Adopt a chick call from African penguin rescue centre

Southern African Foundation for the Conservation of Coastal Birds employees Debbie Layne, left, and Nolien Janse van Vuuren with some of the African penguin chicks rescued off Bird Island during the last severe cold front which the foundation is rehabilitating at its Cape Recife centre
PICK ME, PLEASE: Southern African Foundation for the Conservation of Coastal Birds employees Debbie Layne, left, and Nolien Janse van Vuuren with some of the African penguin chicks rescued off Bird Island during the last severe cold front which the foundation is rehabilitating at its Cape Recife centre
Image: FREDLIN ADRIAAN

Adopt an endangered African penguin chick and help save the species.

That is the call from the Southern African Foundation for the Conservation of Coastal Birds, which is rehabilitating 79 chicks at its Cape Recife centre in Port Elizabeth.

The chicks were rescued from Bird Island after severe cold fronts hit the area in the first fortnight of June.

Foundation spokesperson Margot Collett said on Tuesday a staff member stationed on the island had alerted them after cold front storms with high winds and torrential rain destroyed a number of penguin nests.

“The parents were out foraging and it was clear that the chicks would die of exposure or hunger if we did not intervene.

“So working in co-operation with SANParks we captured them and brought them back to our Cape Recife centre for rehabilitation.

“We’ll look after them for 2½ months and then take them back home.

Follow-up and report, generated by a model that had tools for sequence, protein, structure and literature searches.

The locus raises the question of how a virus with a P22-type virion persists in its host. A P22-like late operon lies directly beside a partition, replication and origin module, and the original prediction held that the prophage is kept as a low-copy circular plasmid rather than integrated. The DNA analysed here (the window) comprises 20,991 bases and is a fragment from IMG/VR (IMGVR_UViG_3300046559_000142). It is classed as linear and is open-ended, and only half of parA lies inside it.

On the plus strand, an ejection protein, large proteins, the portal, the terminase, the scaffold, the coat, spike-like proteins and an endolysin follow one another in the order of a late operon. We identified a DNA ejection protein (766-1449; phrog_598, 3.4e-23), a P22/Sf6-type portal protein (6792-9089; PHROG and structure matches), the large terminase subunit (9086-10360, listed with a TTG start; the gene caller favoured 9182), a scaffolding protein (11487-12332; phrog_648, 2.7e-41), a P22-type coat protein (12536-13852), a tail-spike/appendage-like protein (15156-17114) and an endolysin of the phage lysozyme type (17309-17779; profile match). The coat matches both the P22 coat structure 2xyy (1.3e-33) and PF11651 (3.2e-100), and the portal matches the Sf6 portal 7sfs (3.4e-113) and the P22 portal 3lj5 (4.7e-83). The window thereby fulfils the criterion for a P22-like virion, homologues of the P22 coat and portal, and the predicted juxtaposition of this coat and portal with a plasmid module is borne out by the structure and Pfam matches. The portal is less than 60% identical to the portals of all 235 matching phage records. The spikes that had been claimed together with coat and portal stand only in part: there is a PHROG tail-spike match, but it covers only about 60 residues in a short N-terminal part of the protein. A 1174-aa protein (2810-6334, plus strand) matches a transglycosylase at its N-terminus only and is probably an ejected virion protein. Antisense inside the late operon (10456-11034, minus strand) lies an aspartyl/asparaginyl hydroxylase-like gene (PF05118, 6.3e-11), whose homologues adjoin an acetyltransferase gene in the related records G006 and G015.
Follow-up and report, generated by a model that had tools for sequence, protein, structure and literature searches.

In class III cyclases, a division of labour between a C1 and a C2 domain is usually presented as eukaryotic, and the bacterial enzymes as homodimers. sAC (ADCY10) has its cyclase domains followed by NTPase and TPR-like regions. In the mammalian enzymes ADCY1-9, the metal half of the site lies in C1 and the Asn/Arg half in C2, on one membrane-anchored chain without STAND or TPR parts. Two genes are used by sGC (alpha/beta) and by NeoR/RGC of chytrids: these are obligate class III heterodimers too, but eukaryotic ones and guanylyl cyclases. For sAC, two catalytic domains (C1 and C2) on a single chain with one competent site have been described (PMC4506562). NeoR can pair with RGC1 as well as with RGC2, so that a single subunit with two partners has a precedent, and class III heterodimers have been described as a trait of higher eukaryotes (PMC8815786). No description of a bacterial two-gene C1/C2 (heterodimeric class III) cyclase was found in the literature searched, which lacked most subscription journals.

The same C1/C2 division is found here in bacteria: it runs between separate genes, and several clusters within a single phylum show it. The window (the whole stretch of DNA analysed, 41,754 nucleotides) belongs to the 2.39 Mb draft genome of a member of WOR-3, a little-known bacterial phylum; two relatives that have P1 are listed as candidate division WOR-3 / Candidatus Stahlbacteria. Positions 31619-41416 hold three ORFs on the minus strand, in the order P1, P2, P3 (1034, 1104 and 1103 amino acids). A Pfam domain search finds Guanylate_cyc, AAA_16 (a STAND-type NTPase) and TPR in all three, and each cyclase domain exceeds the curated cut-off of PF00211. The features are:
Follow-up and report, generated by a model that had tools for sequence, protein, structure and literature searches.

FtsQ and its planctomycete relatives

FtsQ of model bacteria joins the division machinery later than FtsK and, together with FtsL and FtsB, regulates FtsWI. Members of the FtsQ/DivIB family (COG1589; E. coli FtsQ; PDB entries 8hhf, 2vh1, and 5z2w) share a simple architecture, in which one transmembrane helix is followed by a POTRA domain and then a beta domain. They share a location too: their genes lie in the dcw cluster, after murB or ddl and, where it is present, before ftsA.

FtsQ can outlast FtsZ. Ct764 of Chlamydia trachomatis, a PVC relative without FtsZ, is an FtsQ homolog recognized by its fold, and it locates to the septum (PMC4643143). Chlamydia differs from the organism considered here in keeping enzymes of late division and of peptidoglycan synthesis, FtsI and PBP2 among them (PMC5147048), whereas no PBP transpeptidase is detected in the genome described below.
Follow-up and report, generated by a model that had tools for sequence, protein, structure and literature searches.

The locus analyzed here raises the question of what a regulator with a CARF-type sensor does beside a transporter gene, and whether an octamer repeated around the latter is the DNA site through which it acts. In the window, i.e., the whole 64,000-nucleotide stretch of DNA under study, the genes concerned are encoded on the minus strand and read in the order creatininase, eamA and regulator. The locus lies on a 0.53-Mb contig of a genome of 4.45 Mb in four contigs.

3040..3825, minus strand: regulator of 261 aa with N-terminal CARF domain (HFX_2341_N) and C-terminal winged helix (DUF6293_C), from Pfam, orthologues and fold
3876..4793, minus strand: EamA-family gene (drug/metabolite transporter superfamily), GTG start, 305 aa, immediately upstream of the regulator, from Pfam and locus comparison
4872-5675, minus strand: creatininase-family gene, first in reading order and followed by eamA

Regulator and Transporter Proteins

“They’re doing fine but they’re consuming a serious amount of fish so we are running an adopt a chick campaign to help raise awareness and to feed them.”

With SA inshore islands stripped of ammonia-rich seabird excrement or guano by the fertiliser trade of the late 1800s, penguins today can no longer burrow into this guano to make nests.

So African penguin nests are often more exposed now to bad weather and more flimsy — which leaves chicks and eggs vulnerable to storms.

Related to this problem, with the present acute shortage of anchovies and sardines to prey on, the parent penguins have to forage further afield, leaving their eggs and chicks vulnerable to predatory seagulls.

Collet said all these factors and the resultant steep decline in penguin numbers meant the organisation had to constantly monitor the population and be ready to intervene where they would not otherwise have done so.

“There are just 20,000 breeding pairs of African penguins left across their global range on the South African and Namibian coast and the two biggest colonies are on St Croix and Bird islands both here in Algoa Bay so helping each of these birds to survive is really important.”

The scarcity of prey fish was especially worrying, she said.

“Our normal local supplier has told us they have not been issued a permit to fish because the stocks are so low.

“So for the last six months our most cost-effective option has been sardines that come from Japan.”

The voracious little birds were fed whole fish and also fish gruel which the rehabilitation team mixed with vitamins and minerals to help strengthen the chicks in time for their release back on Bird Island in September, she said.

By that time the juvenile “blues” would have donned their first proper feathers and would be able to forage for themselves.

The adoption fee of R600 a chick was only a part of the full cost of rehabilitating the little birds but would be an important contribution, she said.

Anyone interested in adopting a chick or chicks can e-mail xola@sanccob.co.za

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